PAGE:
The above story is symptomatic of the moral panics involving crime and race. The policing of groups such as Insignias With Attitude and So Solid Crew reflected this increasing tendency to criminality hip-hop artists, their music and their audiences. Incidental and minor acts of violence were characterized by the mass media and by society as being socially insupportable; however, this did not impede the interest in Hip-Hop of youths worldwide, in fact the increasing Otherness’ of Hip-Hop tempted larger audiences.

As Todd Boyd correctly argues: Olin the past, this popularity would have been a sure sign of accommodation, as the music would have to be compromised in some major way in order to be made mainstream. Gangs Rap has come to prominence because of its unwillingness to do so. The music and culture industries have found ways to sell this extreme nonconformity, while many rappers have successfully packaged their mediated range for a mass audience. ‘ (Boyd, 1997: p. 63, cited in Neal, 1999: p. 162) The social and lattice policing of Hip-Hop incidentally corresponded with the period of abrupt communication.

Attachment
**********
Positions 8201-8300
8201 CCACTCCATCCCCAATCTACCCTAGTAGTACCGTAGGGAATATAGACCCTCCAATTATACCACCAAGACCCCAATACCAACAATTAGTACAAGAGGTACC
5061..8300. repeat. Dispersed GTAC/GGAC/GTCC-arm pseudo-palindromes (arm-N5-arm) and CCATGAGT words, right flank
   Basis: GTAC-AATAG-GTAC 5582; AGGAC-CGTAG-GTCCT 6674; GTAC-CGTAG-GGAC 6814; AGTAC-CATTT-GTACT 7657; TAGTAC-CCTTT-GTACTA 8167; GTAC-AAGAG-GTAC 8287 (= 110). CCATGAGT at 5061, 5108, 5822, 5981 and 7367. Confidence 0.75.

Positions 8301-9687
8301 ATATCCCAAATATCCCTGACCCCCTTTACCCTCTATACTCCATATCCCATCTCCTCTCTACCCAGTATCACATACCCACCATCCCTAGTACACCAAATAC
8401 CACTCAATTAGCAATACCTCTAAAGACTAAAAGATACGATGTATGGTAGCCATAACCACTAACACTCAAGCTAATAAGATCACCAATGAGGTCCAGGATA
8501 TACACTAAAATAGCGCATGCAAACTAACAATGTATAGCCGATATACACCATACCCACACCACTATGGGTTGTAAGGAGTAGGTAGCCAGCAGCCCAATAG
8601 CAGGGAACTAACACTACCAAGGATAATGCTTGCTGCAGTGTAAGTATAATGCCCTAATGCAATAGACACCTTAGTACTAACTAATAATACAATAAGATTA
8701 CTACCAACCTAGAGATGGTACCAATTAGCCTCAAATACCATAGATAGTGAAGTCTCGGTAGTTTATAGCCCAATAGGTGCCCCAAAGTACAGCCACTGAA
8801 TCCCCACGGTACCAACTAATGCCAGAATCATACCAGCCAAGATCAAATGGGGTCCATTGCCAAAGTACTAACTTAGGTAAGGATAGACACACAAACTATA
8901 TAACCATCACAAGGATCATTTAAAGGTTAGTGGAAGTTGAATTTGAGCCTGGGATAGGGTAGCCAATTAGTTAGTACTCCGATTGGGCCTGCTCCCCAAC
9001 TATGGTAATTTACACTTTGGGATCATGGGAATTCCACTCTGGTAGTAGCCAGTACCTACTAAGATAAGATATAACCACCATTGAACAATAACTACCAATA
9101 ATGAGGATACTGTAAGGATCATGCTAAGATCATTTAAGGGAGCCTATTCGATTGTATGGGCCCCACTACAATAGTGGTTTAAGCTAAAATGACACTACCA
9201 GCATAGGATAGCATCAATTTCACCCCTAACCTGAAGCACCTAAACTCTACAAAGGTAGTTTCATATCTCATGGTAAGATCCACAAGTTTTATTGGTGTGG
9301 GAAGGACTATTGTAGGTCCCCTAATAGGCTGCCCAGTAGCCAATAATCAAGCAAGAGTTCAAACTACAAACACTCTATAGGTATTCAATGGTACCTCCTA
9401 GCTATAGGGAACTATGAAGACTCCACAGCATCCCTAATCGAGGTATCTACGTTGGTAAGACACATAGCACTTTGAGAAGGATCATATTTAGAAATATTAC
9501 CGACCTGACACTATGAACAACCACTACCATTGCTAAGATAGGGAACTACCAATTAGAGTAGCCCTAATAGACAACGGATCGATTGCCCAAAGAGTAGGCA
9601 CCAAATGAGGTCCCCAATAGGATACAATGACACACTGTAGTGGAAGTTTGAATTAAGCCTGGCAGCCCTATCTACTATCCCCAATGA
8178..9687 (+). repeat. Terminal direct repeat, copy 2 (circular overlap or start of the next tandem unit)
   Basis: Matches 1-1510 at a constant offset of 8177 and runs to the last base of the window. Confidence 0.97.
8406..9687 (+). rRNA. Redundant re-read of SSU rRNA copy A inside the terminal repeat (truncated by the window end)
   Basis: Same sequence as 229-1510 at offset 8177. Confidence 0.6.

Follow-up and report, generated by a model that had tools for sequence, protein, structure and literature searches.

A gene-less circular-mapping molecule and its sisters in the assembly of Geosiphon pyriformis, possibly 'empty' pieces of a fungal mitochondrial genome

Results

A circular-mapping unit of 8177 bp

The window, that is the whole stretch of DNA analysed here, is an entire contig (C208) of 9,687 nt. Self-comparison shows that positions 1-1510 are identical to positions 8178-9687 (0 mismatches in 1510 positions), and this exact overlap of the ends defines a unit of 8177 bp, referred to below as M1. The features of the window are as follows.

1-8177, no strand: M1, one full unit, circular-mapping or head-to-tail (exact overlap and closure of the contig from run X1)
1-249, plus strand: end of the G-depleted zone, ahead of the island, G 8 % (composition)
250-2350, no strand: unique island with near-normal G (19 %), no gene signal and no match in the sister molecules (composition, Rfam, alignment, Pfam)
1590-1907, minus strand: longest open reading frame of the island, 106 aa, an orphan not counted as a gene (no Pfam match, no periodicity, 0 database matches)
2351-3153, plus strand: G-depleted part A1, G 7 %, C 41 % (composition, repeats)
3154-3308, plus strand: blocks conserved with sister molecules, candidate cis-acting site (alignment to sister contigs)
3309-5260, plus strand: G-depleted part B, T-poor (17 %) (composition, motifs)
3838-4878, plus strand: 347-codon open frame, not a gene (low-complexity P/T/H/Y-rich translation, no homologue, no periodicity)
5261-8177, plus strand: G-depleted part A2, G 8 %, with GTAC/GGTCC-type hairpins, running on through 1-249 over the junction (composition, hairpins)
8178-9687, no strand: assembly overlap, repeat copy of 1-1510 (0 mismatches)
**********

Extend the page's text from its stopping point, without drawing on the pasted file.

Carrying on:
The increase in popularity of music and radio programs dedicated to Hip-Hop helped the success in mainstreaming the culture. Through Hip-Hop music videos and airplay of singles, the anti-social behavior was embraced by [Touts as a way of resisting society; however, this influence was marked in stylistic adaptations rather than political movement. What made the Hip-Hop industry multi- million dollar was the youth’s consumer spirit, which influenced financial gain through style developments.

The mid sass noted a huge increase in clothing designers and companies using Hip-Hop artists to market their products, it also saw artists such as Sean Combs (P. Daddy) and the Www Tang Clan creating their own clothing lines. The important point that this essay makes is that not only do youth audiences consume the products; they also procure the social status and lifestyle that these products represent. In less than thirty years, the traditions of the Hip-Hop culture have been transformed from a culture influenced by the sufferings of black communities into a multi billion dollar industry which crosses racial and class mandarins.